Young offenders could work on Olympic projects as Home Secretary aims to increase community service.
nstruction programme for the 2012 Olympics could benefit from getting young offenders to work unpaid.
In an attempt to convince the public that community punishment is not a soft option, the Home Office wants the number of hours of unpaid work done by criminals given non-custodial sentences to double to ten million by 2011.
"We hope this will include an important contribution towards the work necessary to prepare for the Olympic Games," the strategy says.
Charles Clarke, the Home Secretary, promised that young thugs would be "frightened" by the prospect of unpaid work while serving non-custodial sentences. They would wear identifying clothing so that the public could see them.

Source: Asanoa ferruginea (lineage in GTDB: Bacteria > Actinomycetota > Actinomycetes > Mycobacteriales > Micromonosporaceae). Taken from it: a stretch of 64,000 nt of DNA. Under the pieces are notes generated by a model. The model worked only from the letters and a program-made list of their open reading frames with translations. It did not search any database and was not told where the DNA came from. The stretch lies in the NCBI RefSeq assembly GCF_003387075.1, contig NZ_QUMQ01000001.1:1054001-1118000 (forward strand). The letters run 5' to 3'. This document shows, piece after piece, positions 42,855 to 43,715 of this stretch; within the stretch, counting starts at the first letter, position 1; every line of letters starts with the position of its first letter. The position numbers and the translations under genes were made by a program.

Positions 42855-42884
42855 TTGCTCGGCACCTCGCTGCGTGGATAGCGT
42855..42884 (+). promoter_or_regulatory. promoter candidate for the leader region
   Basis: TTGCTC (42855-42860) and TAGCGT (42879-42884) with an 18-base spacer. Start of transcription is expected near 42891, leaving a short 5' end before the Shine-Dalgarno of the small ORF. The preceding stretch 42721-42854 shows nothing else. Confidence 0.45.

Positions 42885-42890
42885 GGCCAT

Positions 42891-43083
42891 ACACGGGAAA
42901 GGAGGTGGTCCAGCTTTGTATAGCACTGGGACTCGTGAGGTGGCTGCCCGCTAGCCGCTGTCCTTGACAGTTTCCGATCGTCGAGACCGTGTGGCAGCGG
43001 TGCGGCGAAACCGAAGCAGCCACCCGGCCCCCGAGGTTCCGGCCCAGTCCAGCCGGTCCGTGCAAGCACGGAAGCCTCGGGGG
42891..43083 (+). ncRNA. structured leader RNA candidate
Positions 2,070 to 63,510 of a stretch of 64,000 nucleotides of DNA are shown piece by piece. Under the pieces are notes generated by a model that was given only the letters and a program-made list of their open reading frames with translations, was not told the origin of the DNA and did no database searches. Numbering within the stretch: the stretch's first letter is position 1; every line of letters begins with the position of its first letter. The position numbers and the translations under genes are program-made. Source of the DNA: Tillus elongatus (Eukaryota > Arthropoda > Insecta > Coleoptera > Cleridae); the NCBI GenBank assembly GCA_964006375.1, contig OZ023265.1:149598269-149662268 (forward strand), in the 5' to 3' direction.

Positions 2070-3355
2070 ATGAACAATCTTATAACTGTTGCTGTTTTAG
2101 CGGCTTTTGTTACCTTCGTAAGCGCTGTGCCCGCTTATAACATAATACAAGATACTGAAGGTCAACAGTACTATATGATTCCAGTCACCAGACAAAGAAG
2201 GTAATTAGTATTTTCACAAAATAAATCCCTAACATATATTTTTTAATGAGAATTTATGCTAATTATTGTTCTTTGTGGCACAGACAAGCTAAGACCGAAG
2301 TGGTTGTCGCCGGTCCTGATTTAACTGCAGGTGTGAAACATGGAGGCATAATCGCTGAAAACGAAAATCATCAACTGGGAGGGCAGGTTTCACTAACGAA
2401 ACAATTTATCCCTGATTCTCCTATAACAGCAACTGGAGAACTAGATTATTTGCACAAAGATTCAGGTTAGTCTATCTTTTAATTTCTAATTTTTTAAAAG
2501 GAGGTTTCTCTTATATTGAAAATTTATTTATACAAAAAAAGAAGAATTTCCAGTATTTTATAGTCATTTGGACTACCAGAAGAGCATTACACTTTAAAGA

His five-year strategy is to revive the use of fines and improve the effectiveness of community punishment in the hope that this will encourage the courts to send fewer people to prison.
Mr Clarke's plans are part of a strategy intended to reduce the number of prisoners - 76,000 - in the 140 jails in England and Wales. The number of short-sentence offenders in prison will be reduced, as well as the number of psychiatrically ill, and women prisoners. Under the proposals thousands of criminals will spend less time in jail and more time being punished in the community.